Here is the thing about dental school. Mostly everyone is an intellectual hard working individual. Now the problem is, some people will decide that they have made it to dental school and what difference does it make if they bust their butts studying hard for a biochem exam or if they take it easy , learn the material and do average? For some people it matters cause they wanna specialize "about 20%" for the 80% it doesn't make a difference cause it doesn't affect their success as dentists. Thus, There is probably a correlation in the "rank's potential" but you will see some irrelevance in many cases.
What im saying is, if you want to specialize then you will work hard. If you want to be a general practitioner then there are two categories. One is you will still work hard. Two "which is about 50% of the class usually" You will still do decent but you will not bust your ass; you will not be completely dedicated especially when it comes to non clinical classes. This usually leads to a grade distribution that is not too much related to your DAT scores.
I went and looked up the answer to my own question.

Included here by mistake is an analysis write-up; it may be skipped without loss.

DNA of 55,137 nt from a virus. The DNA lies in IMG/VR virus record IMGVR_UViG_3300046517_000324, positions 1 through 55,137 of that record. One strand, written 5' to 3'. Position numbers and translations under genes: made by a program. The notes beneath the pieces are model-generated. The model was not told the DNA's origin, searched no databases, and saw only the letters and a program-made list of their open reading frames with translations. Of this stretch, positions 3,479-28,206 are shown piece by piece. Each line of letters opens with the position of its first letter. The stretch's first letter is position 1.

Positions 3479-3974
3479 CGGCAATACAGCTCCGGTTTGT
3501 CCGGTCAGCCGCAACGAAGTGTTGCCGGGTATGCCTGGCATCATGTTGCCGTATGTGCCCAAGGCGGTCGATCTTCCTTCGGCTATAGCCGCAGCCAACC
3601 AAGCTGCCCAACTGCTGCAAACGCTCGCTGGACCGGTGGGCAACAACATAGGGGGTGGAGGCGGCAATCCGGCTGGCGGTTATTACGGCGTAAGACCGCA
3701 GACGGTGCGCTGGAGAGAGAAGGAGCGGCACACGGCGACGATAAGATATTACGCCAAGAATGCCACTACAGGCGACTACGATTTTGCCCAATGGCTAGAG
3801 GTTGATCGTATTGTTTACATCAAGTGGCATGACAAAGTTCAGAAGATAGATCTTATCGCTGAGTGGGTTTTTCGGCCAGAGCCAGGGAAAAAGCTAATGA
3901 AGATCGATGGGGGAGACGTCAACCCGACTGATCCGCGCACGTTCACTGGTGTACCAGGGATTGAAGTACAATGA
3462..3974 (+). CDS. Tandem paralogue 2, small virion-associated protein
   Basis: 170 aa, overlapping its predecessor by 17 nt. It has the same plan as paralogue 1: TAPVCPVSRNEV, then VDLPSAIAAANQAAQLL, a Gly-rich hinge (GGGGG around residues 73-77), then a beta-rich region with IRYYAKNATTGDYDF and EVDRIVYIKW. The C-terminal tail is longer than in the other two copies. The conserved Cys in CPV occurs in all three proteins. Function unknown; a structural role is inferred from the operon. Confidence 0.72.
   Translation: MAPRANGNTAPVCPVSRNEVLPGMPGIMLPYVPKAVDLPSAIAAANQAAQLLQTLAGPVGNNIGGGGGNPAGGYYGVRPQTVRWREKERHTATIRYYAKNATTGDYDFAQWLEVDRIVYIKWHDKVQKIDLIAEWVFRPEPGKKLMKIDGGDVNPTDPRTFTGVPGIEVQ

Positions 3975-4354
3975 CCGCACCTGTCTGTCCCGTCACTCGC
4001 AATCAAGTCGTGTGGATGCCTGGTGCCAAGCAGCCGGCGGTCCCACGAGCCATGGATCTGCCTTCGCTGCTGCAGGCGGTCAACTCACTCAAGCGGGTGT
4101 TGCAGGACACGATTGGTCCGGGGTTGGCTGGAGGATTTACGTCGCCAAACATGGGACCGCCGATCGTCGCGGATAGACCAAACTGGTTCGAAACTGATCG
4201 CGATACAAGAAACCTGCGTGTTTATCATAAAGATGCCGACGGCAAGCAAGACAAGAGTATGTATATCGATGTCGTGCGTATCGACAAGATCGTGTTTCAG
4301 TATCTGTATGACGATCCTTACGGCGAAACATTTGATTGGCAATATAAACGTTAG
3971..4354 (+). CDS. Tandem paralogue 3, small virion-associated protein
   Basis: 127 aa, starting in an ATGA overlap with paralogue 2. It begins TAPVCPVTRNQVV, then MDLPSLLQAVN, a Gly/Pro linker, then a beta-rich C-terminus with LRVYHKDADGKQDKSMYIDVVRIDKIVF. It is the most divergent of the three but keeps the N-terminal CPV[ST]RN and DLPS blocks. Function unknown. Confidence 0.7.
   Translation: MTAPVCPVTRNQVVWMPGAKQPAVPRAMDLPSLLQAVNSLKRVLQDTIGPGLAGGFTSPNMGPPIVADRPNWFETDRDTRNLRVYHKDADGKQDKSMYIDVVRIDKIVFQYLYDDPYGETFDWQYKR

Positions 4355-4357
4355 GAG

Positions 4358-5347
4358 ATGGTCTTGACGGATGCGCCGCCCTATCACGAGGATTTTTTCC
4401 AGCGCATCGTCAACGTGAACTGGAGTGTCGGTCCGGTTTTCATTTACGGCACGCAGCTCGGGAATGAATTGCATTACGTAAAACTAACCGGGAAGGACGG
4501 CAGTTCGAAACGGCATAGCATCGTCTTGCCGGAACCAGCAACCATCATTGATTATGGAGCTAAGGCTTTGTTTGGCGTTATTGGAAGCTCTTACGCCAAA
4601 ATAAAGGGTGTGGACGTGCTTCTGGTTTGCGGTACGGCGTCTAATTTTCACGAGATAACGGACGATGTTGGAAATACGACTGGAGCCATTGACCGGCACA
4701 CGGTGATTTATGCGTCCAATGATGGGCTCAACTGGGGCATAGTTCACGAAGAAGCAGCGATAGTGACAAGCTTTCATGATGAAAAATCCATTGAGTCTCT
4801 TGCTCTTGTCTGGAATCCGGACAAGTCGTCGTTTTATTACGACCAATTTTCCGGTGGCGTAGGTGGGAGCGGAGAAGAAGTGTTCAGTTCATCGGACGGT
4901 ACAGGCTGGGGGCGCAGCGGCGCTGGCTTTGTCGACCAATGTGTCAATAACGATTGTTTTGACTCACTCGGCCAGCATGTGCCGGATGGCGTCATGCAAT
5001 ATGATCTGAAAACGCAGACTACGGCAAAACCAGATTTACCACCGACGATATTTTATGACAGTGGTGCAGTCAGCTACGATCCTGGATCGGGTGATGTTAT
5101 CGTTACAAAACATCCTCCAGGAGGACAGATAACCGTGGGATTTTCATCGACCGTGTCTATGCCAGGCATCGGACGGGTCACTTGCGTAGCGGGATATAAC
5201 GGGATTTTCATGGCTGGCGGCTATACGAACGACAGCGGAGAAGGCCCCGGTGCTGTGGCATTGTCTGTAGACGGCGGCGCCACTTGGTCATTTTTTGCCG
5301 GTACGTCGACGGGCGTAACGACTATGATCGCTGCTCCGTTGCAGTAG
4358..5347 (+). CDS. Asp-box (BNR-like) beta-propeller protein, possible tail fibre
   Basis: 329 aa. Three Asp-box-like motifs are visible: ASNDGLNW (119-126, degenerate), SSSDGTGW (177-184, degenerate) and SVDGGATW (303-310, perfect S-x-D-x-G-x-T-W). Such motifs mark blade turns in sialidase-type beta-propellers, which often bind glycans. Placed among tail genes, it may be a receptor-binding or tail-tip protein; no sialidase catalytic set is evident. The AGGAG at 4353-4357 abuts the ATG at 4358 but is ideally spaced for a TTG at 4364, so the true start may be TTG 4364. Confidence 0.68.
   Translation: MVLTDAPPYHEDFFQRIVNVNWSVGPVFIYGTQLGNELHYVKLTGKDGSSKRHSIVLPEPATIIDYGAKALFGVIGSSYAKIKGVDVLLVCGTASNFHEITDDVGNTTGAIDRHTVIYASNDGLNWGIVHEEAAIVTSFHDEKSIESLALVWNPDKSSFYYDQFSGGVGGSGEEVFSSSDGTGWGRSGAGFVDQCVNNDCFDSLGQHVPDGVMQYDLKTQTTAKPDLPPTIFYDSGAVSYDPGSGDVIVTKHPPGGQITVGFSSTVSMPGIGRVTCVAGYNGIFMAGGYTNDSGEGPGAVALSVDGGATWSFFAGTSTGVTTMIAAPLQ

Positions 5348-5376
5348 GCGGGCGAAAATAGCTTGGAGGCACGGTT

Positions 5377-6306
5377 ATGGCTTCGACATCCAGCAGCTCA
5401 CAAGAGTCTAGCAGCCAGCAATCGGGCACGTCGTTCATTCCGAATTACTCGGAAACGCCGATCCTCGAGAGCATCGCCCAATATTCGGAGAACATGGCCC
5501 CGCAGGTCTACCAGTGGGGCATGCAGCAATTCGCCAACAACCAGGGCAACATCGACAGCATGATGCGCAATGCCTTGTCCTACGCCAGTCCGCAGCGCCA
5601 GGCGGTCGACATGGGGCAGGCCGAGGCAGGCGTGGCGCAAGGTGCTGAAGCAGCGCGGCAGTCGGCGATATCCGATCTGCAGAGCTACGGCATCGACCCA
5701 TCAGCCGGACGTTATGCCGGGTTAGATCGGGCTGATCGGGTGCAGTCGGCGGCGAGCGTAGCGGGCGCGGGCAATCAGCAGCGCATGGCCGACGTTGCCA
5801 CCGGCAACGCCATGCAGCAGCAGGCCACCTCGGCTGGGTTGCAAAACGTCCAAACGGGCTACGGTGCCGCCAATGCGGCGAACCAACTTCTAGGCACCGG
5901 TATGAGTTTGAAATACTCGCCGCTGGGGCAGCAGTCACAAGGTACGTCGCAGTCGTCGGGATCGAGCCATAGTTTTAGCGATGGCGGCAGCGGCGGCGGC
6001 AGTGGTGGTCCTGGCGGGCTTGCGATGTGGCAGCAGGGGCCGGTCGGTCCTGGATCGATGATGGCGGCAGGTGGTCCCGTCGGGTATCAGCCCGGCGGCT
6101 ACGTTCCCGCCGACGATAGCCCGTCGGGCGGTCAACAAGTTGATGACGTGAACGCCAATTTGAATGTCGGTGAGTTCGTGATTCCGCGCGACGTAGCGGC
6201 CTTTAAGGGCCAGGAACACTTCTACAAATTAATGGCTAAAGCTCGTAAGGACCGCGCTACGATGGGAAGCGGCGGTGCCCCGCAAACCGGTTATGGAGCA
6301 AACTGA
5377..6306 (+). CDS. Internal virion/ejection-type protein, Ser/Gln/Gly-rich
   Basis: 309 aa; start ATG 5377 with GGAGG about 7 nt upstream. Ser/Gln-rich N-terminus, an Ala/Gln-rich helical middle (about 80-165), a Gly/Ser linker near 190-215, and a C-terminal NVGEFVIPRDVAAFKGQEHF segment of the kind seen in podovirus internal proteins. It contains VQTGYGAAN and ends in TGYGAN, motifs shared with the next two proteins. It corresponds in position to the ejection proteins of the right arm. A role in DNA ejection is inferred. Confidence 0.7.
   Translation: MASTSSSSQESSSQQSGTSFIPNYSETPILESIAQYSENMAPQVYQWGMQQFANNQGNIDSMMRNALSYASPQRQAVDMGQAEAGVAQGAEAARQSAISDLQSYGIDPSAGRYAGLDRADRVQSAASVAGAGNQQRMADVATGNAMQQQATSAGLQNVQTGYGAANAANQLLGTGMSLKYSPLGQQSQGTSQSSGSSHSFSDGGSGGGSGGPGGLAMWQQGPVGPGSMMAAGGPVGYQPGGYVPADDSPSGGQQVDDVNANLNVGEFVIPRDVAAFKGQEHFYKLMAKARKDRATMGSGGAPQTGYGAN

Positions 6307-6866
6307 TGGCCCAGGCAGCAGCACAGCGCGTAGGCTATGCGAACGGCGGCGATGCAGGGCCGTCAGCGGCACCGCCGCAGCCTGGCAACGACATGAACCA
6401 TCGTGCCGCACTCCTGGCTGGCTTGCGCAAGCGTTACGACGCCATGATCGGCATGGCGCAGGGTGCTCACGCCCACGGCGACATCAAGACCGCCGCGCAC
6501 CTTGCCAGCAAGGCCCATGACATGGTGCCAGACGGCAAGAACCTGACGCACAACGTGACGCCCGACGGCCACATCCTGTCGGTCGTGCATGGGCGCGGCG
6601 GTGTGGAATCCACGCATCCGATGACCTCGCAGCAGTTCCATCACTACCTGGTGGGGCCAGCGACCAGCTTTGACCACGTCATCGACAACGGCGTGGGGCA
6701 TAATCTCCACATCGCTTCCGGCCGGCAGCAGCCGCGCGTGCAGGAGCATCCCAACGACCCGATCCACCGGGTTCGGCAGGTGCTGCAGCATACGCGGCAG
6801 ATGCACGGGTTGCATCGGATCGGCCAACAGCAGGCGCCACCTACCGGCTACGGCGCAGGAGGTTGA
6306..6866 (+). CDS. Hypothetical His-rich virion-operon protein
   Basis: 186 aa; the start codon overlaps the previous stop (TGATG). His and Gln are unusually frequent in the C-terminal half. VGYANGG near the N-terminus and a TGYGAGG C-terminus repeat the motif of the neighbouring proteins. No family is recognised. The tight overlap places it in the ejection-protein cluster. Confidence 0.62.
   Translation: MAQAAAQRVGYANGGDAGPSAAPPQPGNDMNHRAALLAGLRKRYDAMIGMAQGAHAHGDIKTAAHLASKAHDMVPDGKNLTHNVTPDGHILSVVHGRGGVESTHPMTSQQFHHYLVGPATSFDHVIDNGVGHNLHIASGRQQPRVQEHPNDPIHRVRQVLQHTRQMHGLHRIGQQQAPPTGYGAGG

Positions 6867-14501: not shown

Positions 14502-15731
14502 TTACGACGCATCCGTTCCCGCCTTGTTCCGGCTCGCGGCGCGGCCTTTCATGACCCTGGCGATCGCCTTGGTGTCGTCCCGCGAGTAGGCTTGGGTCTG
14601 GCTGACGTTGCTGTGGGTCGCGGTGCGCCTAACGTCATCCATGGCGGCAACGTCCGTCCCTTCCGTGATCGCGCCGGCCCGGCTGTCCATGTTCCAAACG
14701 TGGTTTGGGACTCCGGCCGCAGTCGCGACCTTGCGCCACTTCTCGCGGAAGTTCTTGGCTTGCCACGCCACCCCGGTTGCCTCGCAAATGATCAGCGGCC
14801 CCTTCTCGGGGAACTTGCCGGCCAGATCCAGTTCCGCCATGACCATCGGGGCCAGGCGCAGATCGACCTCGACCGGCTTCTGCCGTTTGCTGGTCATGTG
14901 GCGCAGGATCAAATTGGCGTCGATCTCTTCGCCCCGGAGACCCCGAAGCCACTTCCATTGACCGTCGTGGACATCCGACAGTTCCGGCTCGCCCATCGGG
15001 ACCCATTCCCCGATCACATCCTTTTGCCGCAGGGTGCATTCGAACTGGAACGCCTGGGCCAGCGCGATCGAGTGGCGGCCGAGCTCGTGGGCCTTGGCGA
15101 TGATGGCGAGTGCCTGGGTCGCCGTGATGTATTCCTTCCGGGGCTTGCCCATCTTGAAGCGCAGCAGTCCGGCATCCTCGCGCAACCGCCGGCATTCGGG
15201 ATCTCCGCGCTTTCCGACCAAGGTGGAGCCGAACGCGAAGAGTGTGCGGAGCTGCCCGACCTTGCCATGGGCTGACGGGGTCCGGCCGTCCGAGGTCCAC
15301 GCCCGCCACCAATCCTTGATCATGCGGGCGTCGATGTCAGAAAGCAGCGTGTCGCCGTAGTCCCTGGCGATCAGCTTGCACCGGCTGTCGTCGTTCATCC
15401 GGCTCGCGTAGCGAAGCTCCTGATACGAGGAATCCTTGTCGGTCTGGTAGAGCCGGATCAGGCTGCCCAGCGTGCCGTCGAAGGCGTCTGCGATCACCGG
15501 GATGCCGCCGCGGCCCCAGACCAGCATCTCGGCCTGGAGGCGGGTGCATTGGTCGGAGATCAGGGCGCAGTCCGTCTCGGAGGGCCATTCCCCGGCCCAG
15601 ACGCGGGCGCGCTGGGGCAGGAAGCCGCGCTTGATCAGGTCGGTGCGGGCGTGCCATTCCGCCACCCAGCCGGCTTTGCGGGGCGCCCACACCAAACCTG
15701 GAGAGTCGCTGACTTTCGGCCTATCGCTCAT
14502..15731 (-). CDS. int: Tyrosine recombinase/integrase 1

J Dent Educ. 2006 Mar;70(3):258-62. Links
Dental Admission Test scores and performance on NBDE Part I, revisited.Bergman AV, Susarla SM, Howell TH, Karimbux NY.
Harvard School of Dental Medicine, Office of Dental Education, 188 Longwood Avenue, Boston, MA 02115, USA.
The purpose of this study was to examine the relationship between performance on the Dental Admission Test (DAT) and Part I of the National Board Dental Examination (NBDE Part I) for students at the Harvard School of Dental Medicine (HSDM). This study was a retrospective cohort study, examining HSDM students over an eight-year period. Data regarding DAT and NBDE Part I scores were obtained from the Office of the Registrar. Descriptive statistics were computed for all study variables. Multiple linear regression analyses were subsequently computed to examine the relationship between DAT subtest scores and performance on NBDE Part I subtests. Goodness of fit for the models was evaluated using the R-squared value. Statistically significant associations were those with p-value =0.05. Data were available for 244 students who matriculated at HSDM during the period of 1995-2002. DAT reading comprehension scores were statistically significantly associated with performance on all four subsections of the NBDE Part I. DAT general and organic chemistry scores were associated with performance on the microbiology and pathology subtest of NBDE Part I. Performance on the perceptual ability test was associated with performance on the dental anatomy and occlusion subtest. Performance on the DAT reading comprehension subtest was the most reliable predictor of performance on the NBDE Part I. However, the variability in NBDE Part I scores is not accounted for significantly by variability in DAT scores.